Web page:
In Deap Vally’s case, Troy and Edwards were signed to Island Records early on but left after Sistrionix to pursue other partnerships. In contrast to the majors, some smaller labels allow artists to regain control of their masters after a set amount of time. While Troy said Deap Vally is starting to receive passive income from some of the material they released later through independent labels, this isn’t happening for them with Sistrionix. Troy said Edwards tried to negotiate with Island Records over ownership of the Sistrionix masters but was unsuccessful.

“Our masters, they own them in perpetuity, like so forever,” Troy said. “Like we’re never gonna get them back.”

It was Edwards’ idea to rerecord Sistrionix. Troy said the project “seemed really daunting” to her at first because “it just felt so long ago that we recorded that record.”

“We spent a lot of time, and it was a bigger budget record,” Troy said. “I was like, how could we ever top that record? I just felt so proud of it. My vocal takes—I just felt like it was perfect.”

But when Deap Vally started rerecording the material, Troy said they ended up taking a “different approach,” which she said included the addition of her on bass. “This time was more like quick and dirty style,” she said. “We spent so many years touring those songs that they’re just like—it was so much muscle memory of them.”

Despite her initial hesitation, Troy said she’s happy with how Sistrionix 2.0 turned out. “I think it sounds so good. It feels like it has so much dimension to it, and depth. It’s just so cool,” she said.

“Quick and dirty” is exactly how Deap Vally performed at their San Diego show, with help from a couple of backup singers. After performing all of Sistrionix, Edwards and Troy briefly left the stage but returned to play songs spanning the rest of their time together: “Look Away” (from Marriage), “American Cockroach” (off their 2021 EP American Cockroach), “Bring it On” (a 2018 single) and “Give Me a Sign” (also from Marriage). Deap Vally ended the show with three songs from Femejism: “Grunge Bond,” “Smile More” and “Royal Jelly.”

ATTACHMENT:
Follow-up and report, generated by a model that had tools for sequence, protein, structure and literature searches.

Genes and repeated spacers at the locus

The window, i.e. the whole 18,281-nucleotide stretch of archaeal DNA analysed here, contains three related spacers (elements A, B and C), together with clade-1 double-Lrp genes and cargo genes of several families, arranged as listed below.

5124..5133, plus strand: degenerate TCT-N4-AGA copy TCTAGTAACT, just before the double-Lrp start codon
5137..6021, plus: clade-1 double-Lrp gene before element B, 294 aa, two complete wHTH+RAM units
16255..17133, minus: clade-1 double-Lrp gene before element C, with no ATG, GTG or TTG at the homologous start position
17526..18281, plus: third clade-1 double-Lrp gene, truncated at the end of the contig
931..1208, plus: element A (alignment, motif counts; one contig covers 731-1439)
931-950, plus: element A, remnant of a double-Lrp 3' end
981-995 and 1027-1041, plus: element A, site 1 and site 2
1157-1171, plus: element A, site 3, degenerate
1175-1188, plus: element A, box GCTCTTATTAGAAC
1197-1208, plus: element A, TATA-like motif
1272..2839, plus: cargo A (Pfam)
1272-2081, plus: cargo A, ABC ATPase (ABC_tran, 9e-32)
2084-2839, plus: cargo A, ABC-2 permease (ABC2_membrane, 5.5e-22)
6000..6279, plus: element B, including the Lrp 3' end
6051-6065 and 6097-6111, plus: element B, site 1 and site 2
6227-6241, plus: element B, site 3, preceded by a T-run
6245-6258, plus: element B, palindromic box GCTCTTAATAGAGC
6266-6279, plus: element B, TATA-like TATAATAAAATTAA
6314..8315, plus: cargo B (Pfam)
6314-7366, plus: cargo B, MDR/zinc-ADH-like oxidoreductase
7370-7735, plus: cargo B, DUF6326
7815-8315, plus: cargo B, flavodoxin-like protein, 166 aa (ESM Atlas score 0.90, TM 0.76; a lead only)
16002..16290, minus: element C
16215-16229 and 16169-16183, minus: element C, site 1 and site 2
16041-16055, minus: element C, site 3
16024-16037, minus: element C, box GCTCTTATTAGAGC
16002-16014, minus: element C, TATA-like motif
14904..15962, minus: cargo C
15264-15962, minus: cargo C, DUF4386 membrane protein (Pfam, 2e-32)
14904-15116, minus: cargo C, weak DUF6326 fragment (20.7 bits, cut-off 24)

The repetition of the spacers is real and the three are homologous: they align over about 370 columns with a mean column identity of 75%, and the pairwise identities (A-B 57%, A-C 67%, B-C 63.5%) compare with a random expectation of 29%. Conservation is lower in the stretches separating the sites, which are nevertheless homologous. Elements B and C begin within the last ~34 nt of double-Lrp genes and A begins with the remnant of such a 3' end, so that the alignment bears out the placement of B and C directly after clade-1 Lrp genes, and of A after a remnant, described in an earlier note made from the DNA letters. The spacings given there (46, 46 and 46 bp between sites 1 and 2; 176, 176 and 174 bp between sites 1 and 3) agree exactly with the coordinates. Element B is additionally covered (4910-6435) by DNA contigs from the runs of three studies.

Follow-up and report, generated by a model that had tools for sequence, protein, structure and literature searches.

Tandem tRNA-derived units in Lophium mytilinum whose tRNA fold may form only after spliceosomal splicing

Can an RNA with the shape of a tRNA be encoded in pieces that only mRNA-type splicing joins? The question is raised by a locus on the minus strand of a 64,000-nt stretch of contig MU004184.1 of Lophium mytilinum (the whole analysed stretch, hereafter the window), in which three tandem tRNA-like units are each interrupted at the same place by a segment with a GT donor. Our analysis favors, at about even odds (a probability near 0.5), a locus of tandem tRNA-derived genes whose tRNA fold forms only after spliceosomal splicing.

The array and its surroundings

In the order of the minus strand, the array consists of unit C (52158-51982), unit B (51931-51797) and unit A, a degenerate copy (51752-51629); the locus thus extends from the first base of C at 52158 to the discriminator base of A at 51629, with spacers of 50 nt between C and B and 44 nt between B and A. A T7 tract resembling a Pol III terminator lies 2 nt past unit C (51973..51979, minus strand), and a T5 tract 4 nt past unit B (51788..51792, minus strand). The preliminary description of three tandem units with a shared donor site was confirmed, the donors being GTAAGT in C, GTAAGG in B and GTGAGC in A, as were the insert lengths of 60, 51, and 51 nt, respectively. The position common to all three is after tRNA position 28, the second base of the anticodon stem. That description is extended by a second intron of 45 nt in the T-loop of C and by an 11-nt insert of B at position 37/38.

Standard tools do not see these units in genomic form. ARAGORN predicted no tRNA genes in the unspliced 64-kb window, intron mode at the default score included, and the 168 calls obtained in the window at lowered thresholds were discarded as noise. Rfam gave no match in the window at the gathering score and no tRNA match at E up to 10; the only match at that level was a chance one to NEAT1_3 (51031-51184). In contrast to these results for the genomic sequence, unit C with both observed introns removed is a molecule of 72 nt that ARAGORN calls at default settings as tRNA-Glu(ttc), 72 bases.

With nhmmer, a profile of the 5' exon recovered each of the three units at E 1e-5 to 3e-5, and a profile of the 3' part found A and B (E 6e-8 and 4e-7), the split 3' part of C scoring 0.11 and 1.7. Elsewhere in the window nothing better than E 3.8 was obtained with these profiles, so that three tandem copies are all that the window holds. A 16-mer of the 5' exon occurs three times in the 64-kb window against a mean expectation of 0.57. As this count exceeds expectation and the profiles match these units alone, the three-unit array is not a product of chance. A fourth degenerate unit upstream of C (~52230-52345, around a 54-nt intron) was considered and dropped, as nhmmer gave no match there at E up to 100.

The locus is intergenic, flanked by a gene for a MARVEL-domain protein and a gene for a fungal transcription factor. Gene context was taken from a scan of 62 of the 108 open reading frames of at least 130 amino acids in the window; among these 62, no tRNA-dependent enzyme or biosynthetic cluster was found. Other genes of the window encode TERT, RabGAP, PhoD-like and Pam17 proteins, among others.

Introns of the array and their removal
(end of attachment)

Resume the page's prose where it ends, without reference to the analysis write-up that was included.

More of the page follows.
For their farewell song, Deap Vally called upon the audience to assist with the whistling melody heard throughout the recorded “Royal Jelly.” After running the crowd through a quick practice session, Edwards and Troy played the fan favorite with the full energy and enthusiasm of the rest of their performance. They closed out the show with help from their whistling audience.

The end may be near, but Deap Vally’s farewell tour is just beginning, with shows scheduled through April 2024. From there, Troy has a solo project she wants to finish, and she’d like to collaborate with other friends and bands on new music. “I’ve been doing music my whole life,” she said, adding that it is “kind of hard to picture doing anything else.”

Looking back on the Deap Vally experience, Troy said it has been “really special.”

“We got to have this crazy adventure: traveling around the world, playing music, living our passion, sharing that with the world and making these amazing friends along the way,” she said. A lot of their journey has been documented through photos and videos, which for Troy shows how much has changed in the years since the band started.

“For a few years there, I didn’t even have a home or anything; I just had all my stuff in storage, and I was a total road dog and a complete nomad. I’m really a homebody now—I cherish my home, because I didn’t have that. But we have all that proof that it happened,” Troy said. “It really feels like such a gift, because not a lot of people get to experience that in their lives, and it’s really cool that we did. And it’s cool that we got to do it together.”

Photo credit: James Dierx